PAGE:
ALBUM TITLE: The “Chirping” Crickets
ARTIST NAME: The Crickets
YEAR OF RELEASE: 1957
Holly: Not Fade Away
Kelly: Not Fade Away
The “Chirping” Crickets was recorded from February through September of 1957 and released in November of that year as the Crickets’ debut album. It was the only album released while Buddy Holly was alive, and was re-released in 1962 as “Buddy Holly and the Crickets”, and re-re-released in 2004 with bonus tracks.
The album featured songs written by Buddy Holly, Roy Orbison, and band mates Joe Mauldin and Jerry Allison.
Charles Hardin “Buddy” Holly was born September 7, 1936 in Lubbock, Texas. Buddy grew up one of four children into a family that had interest in music, and the brothers would perform in local talent shows. By his early adolescence he was taking piano lessons but then switched to guitar after he saw a classmate playing it on the bus. But he was influenced by local musicians as well as more famous one such as Hank Williams Hank snow and the Carter family and would listen to radio program such as the grand old Opry. He started pairing up with other musicians from his high school including future bandmates sunnies Kurtis and Jerry Alison. After graduating high school but he decided that he wanted to pursue a career in music full-time. He was influenced by seeing Elvis Presley perform locally and was starting to put together his own band with standup bass and drums and started to lean more towards rock ‘n’ roll and less towards the more present pervasive country sound. In October 2019 55 buddy Holly and his band we’re booked to open for Bill Haley and his comments in Nashville and they were soon signed by Decca Records in 1956. In January 2019 56 but he attended his first recording session with a producer but became frustrated due to lack of creative control. Buddy was disillusioned with his time with Decca but was still inspired to create music and was continuing to draw influence from other musicians at the time, including Buddy Knox. He got together with Norman Petty, who had produced Buddy Knox’s hit Party Doll and joined with Jerry Allison, guitarist Niki Sullivan and bassist Joe Mauldin and went to Norman Petty’s studio in New Mexico. They recorded the demo of That’ll Be the Day, a track that Holly had previously recorded during his time in Nashville. Unfortunately he was still under contract with Decca and could not release the record under his name so they used the band’s name, the Crickets. Buddy got a basic recording agreement that allowed him both artistic and financial control of all of his future recordings. The executives at Brunswick records were very impressed with That’ll Be the Day and had the Crickets record some more tracks for them. The band started getting more and more traction and were booked to play a stint at the Apollo theatre, and by the end of the run That’ll Be the Day was climbing the charts. Buddy and the Crickets continued to record and release music until Buddy split from the band in 1958 after his final recording session (where he recorded one of my all-time favourites True Love Ways). Holly continued touring until February 3, 1959 a day that will live in infamy. Also known as the day the music died, Holly, along with fellow musicians Ritchie Valens and the Big Bopper all died when their airplane went down and crashed into a frozen corn field outside of Mason City, Iowa. Buddy was 22 years old.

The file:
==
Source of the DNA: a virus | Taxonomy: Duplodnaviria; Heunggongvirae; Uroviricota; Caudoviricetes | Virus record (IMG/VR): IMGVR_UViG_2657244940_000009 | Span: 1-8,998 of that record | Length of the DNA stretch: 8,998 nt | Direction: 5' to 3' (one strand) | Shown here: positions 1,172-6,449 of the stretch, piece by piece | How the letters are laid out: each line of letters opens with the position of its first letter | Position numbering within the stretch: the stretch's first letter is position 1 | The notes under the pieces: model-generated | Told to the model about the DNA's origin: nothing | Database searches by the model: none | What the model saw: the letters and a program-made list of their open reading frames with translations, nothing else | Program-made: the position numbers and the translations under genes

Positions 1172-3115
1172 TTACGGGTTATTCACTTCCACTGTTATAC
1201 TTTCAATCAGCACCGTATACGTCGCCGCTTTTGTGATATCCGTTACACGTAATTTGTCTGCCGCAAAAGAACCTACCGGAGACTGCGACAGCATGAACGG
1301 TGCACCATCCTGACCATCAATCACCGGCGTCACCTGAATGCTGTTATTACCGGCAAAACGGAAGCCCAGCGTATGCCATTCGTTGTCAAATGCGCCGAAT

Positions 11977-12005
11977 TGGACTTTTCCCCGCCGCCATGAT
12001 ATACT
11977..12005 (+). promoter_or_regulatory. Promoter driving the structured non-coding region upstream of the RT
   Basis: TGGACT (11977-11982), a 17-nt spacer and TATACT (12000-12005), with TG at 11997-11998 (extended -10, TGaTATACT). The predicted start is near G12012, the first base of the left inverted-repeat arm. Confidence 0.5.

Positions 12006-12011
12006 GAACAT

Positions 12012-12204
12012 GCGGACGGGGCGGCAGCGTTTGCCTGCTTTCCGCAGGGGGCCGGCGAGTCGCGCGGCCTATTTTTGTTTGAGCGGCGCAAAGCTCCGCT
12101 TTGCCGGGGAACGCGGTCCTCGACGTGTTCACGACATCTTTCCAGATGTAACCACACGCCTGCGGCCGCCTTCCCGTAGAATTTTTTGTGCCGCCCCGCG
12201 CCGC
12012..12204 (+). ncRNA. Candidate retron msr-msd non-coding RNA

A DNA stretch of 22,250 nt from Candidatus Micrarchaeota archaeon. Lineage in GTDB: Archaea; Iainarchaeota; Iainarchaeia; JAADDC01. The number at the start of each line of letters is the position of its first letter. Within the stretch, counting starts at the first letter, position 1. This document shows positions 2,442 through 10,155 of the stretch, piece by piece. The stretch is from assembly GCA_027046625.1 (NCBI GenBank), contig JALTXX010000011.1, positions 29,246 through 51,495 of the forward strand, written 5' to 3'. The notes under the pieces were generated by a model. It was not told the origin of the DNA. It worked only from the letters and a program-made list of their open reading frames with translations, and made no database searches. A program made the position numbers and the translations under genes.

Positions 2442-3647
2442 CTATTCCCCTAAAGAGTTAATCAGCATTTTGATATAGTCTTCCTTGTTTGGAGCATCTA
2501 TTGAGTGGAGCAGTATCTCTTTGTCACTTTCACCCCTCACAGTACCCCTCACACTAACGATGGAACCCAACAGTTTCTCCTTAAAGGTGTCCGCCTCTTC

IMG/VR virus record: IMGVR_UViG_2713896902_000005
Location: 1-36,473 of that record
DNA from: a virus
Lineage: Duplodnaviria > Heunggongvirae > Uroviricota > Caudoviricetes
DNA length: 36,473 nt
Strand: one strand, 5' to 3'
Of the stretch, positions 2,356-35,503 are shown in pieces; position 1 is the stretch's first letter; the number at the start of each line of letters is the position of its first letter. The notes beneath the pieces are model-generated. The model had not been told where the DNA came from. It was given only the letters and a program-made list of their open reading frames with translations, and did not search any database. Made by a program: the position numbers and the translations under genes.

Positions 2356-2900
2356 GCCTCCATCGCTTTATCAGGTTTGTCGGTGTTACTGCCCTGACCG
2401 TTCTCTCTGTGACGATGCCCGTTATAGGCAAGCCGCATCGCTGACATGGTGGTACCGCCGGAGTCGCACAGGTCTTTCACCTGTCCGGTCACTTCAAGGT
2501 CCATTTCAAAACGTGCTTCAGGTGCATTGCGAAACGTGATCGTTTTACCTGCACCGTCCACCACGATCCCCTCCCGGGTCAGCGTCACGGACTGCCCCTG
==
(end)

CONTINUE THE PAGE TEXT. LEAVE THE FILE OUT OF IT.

The original and correct spelling of Buddy’s last name is Holley, but in his contract with Decca they spelled it as Holly, so Buddy went with the incorrect spelling from there on out.
Holly decided to get horn rimmed glasses, as it was a style made popular by Steve Allen at the time. They were later known as “Buddy Holly glasses”.
Well, this is impossible. I think Buddy Holly is probably the first musician I was aware of, he was the first musician whose songs I knew super well, and this album is imprinted in some permanent way in my psyche. It was incredibly hard to choose a favourite track on this album because Buddy Holly’s whole discography is kind of one entity in my mind. I tried really hard to objectively listen to this album, and here’s what I’ve come up with.